mleccha and retroflex consonants

From: S.Kalyanaraman
Message: 16261
Date: 2002-10-15

--- In cybalist@..., "Piotr Gasiorowski" <gpiotr@...> wrote:
> My personal suspicion (which I haven't researched properly, to be
sure) is that <mleccha-> 'barbarian' may be native -- a deverbal
noun. There is also a related verb, <mlecchati> 'speak
incomprehensibly', and since -ccha- is the normal Sanskrit
development of *-ske-, the historically underlying form may be
something like *mloi-ske- with the iterative suffix *-ske-, which is
very common in expressive verbs. There is a potential Slavic
cognate, *mle^sk- (*mle^s^c^-e-, etc.) 'click one's tongue'. A good
verb to describe barbarians who seemed always to be curling up their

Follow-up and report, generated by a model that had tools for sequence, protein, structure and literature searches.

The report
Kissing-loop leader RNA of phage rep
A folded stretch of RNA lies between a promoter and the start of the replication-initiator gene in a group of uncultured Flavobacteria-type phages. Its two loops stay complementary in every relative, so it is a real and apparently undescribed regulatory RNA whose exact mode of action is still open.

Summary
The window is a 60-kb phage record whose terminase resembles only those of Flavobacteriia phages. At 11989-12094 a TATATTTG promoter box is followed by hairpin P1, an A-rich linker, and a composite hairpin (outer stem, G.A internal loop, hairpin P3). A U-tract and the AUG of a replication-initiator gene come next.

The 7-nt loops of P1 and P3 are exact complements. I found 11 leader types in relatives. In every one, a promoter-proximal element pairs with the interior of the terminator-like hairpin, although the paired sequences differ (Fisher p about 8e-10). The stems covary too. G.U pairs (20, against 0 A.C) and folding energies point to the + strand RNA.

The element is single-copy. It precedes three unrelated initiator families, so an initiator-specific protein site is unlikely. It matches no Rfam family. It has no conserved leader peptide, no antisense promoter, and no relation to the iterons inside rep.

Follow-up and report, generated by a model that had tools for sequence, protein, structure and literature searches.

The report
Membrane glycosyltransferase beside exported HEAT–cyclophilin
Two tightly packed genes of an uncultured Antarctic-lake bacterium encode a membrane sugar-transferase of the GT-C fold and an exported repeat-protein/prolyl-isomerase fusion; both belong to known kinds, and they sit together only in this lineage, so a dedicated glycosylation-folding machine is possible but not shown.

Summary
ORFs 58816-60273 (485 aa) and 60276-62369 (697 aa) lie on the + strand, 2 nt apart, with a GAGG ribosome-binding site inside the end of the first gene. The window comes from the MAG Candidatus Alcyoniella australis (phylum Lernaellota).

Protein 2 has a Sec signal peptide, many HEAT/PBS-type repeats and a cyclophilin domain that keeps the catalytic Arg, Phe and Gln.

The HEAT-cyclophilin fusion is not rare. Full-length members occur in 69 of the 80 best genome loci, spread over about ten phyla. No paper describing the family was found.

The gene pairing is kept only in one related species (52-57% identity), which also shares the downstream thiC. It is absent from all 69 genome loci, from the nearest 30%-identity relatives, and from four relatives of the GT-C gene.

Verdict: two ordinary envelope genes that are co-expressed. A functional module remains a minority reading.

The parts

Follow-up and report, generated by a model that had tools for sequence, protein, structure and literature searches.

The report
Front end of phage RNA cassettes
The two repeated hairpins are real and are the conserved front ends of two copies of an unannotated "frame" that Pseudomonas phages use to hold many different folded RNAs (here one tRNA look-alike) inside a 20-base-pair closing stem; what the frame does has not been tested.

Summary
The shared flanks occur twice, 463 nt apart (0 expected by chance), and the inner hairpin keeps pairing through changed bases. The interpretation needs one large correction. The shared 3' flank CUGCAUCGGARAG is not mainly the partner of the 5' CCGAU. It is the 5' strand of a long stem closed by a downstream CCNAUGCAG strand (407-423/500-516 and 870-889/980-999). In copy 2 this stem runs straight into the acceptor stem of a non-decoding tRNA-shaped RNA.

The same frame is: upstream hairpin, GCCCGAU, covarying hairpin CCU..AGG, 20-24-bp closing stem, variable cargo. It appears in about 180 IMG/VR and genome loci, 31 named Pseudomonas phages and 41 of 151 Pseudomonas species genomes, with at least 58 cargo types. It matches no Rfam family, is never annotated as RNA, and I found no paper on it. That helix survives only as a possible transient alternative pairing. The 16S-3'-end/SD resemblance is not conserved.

tongues to make retroflex consonants. Needless to say, <meluhha>
would be unrelated.

Thanks for the links, Piotr. The Vedic lexicon I cited does
say, 'Slovan'; I suppose it refers to Slovak.

Could mleccha be the people who introduced retroflex consonants in
the languages of India? The Tamil, 'r..' (as in, 'fruit') is
a good candidate for the sound emanating from a folded (clicked)

What is the possibility that mleccha were the people who worshipped
moloch as their god of seafarers?